- Liberal use of the word ‘apostate’. The formal definition of the word apostate according to Miriam-Webster Dictionary is “someone whose beliefs have changed and who no longer belongs to a religious or political group”. Period. In simple terms you left your religion. However, the Watchtower has redefined it to mean anyone who has left the Jehovah’s Witness religion and no longer subscribes to their doctrines, conveniently ignoring the fact that a sizable percentage of their membership, anyone who was not raised as a Jehovah’s Witness and had converted to their faith from another religion, could be accurately be described as an apostate from their previous religion. They go beyond this though by embellishing the word with the connotation that those described as such are out to harm the organization and/or its members – “apostates do not have our best interests at heart”, describing them as “mentally diseased” and “contagious”. The Watchtower has a long history of throwing this word about freely and for a very good reason – it is a trigger word that any Jehovah’s Witness will react to, even subconsciously. Any non-Witness is left to scratch their head. This is a strong cult flag, usage like this is designed specifically to generate a reaction. I have witnessed the reactions of many Jehovah’s Witnesses when told that so-and-so is an apostate. Most often the look is one of palpable revulsion, shock or fear – as if they had just been told that the person had contracted a disfiguring and highly contagious disease or had participated in Satanic rituals involving sacrifices.
- Finally there is another call to authority playing off of a bad analogy to a serious medical condition and describing Jehovah as the “Great Physician” as if it is beyond the power of mere mortals to resist the influence and message that is proffered by such ‘apostate’ ones.
A religion is not something that people regularly find themselves in the market for. It usually takes a significant event in one’s life that put them in a vulnerable position where they respond to a religious message that sounds too good to be true. Jehovah’s Witnesses are trained to identify people in such a situation and are quick to provide a solution that sounds ideal at first glance, and perhaps second and third glance as well. However, remember how a wise consumer researches her purchases. The website jw.org is a trove of articles and information on the Jehovah’s Witness religion, at least all the good parts, but like any commercial business it is designed to attract potential customers, in this case new converts. However, what is blatantly lacking from the site is information on ALL aspects of Jehovah’s Witness life, what is required, the rules that must be followed, the consequences if one chooses to leave, and a myriad other Pharisaical details that govern life. These details, while suppressed in the ‘honeymoon phase’ become all too obvious once you have formalized your decision to become a Jehovah’s Witness and sign the contract with baptism. At this point you have forsaken many rights that up to that point you most likely have taken for granted and now it is too late. It pays to do the research first.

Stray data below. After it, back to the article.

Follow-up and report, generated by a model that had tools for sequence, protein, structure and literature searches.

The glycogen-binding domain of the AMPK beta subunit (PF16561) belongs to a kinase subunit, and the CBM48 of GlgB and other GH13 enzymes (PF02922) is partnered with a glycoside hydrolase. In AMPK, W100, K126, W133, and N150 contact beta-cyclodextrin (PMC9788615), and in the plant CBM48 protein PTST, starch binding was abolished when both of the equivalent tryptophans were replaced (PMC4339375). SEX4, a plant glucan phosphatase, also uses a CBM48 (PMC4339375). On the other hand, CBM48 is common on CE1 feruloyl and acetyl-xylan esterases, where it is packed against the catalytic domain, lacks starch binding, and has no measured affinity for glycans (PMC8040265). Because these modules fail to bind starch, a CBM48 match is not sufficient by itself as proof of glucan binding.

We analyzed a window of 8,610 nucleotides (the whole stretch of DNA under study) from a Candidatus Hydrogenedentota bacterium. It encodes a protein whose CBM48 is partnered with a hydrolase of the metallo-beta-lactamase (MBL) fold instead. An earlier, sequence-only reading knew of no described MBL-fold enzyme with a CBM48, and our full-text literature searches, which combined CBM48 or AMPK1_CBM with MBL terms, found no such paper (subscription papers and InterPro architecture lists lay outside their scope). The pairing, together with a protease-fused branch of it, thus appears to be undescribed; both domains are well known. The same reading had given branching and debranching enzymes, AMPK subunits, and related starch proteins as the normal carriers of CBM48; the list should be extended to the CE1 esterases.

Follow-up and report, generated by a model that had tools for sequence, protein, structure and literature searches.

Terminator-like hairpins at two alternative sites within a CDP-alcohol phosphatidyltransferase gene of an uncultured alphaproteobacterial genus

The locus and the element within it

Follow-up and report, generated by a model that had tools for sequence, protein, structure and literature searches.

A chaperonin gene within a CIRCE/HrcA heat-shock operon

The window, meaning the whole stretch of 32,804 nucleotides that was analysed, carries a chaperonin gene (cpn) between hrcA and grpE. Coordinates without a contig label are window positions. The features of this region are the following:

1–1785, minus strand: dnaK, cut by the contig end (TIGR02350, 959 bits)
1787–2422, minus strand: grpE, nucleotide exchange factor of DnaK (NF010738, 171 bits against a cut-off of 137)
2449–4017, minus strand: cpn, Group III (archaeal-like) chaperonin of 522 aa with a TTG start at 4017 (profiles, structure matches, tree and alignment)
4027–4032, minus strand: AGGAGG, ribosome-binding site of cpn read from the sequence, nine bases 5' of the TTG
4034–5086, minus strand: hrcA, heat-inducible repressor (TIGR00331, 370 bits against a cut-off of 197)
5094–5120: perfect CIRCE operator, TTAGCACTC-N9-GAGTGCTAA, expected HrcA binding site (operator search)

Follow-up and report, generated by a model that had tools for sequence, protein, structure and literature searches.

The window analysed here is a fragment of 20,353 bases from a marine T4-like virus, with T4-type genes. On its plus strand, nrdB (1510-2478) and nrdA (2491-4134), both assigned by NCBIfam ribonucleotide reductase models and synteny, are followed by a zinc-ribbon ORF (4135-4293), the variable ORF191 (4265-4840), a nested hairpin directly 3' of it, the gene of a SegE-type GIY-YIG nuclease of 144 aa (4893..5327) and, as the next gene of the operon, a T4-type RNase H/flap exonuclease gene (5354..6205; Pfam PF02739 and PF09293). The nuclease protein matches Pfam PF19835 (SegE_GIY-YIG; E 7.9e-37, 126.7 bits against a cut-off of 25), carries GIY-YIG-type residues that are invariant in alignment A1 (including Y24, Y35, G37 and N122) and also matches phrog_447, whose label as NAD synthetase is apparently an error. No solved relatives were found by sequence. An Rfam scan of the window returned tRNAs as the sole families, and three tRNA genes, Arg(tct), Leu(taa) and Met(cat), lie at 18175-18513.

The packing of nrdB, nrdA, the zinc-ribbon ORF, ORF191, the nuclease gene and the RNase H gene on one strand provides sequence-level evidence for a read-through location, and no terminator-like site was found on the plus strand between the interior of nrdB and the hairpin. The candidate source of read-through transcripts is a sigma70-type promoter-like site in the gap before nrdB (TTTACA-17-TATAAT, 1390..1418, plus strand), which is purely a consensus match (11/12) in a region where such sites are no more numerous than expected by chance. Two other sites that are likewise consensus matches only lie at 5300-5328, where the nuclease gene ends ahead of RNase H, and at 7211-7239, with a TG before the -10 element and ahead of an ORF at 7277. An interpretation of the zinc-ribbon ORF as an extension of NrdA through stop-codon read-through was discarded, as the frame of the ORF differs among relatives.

Thankfully many resources exist that you can take advantage of, some are listed in the sidebar. On these sites you will find information about every aspect of the Watchtower, jw.org, Jehovah’s Witnesses. Much of the information found is unknown or rationalized around by most active Jehovah’s Witnesses because of the strong indoctrination and loaded warnings such as we discussed above.
It is important to understand that while Jehovah’s Witnesses may sincerely believe in the sinister motivations of such ‘apostate’ ex-members most fail to understand that the vast majority are simply people who were not afraid to take a step back and look objectively at their beliefs and seek confirmation of them for reassurance that they were not being misled. When provable facts didn’t align with what they were told was true, rather than turning off their critical thinking they chose to leave. This same critical analysis of existing beliefs is required of anyone considering conversion to their faith and it is strongly encouraged, usually by comparing them to the Watchtower teachings on related doctrines, as if the Watchtower teachings were the ‘gold standard’ of religious doctrine. The notion that most people who hold to a religious belief system are convinced that what they believe is true is dismissed out of hand as blindness induced by Satan, and they arrogantly and hypocritically encourage you to measure your beliefs by their doctrines, at the same time discouraging you from comparing the Watchtower doctrines against other sources, e.g. archaeology or science and even their own beliefs which have changed and flip-flopped far more frequently than most are even aware.
Critical thinking, the ability to objectively examine a belief against outside facts and determine its validity is a skill that must be developed and used. It is a critical part of life’s skills and most importantly serves as a protection against exploitation. If a belief is true it is provable by facts and it shouldn’t be subject to change unless the underlying facts change. Critical thinking is vital to being an ‘educated consumer’.